Larry Carbone is a veterinarian with a lifetime career focus on welfare protections for animals in laboratories. He is a product of Cornell University, in evolutionary biology (BA), veterinary medicine (DVM) and history of science/veterinary ethics (MA; PhD). He is a diplomate in two veterinary specialties: the American College of Animal Welfare and the American College of Laboratory Animal Medicine. Transplanted from Ithaca to San Francisco, he was most recently the Director of the Institutional Animal Care and Use Program at the University of California San Francisco. Larry is a potter, hiker, Boston native.
How we treat animals depends on what (we think) we know about animals. Larry’s book What Animals Want: Expertise and Advocacy in Laboratory Animal Welfare Policy (2004; Oxford University Press) explored how competing claims about what animals think, feel and want underlie competing proposals for animal welfare standards. His fellowship project with the Harvard Animal Law and Policy Program covers advances an animal welfare science that could guide needed updates to laboratory animal policies and regulations.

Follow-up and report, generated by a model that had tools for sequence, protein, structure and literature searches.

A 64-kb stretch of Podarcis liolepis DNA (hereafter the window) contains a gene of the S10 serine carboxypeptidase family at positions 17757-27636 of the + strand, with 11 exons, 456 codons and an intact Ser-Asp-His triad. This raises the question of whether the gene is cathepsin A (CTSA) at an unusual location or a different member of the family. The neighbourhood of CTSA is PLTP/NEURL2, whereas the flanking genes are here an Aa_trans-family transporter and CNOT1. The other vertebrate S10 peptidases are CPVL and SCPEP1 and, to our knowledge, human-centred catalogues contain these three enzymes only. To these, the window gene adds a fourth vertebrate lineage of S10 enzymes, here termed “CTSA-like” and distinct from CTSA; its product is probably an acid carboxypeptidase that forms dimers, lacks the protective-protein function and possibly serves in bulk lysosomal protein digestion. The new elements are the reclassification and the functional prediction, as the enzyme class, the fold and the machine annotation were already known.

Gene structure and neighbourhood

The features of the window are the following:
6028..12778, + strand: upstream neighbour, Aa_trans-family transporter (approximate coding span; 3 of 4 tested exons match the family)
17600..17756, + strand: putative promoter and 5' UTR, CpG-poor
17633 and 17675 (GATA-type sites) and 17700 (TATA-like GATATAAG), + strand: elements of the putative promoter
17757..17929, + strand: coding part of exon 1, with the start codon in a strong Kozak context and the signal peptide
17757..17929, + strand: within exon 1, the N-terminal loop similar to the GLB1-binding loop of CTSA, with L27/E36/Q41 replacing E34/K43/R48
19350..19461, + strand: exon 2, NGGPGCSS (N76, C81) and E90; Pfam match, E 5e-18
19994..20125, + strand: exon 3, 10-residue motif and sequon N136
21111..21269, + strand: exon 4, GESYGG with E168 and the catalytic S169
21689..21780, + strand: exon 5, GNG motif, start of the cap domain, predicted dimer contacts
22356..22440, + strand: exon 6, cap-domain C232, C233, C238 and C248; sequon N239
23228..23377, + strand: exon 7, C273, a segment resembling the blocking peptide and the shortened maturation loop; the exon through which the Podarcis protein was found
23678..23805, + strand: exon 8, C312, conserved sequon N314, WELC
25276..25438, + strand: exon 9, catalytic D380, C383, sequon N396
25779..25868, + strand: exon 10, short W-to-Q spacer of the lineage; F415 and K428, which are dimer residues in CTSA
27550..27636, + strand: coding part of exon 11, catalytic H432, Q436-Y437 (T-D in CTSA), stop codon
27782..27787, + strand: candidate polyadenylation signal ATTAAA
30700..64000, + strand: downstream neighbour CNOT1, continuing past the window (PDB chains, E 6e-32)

Do “Prey Species” Hide Their Pain? Implications for Ethical Care and Use of Laboratory Animals. Journal of Applied Animal Ethics Research, 2, 216-236. 2020
Pain and Laboratory Animals: Publication Practices for Better Data Reproducibility and Better Animal Welfare. PLoS One, 11, e0155001. 2016 (wiith Jamie Austin)
Ethical and IACUC Considerations Regarding Analgesia and Pain Management in Laboratory Rodents. Comp Med, 69, 443-450. 2020
Pain Management Standards in the Eighth Edition of the Guide for the Care and Use of Laboratory Animals. J Am Assoc Lab Anim Sci, 51, 1-5. 2012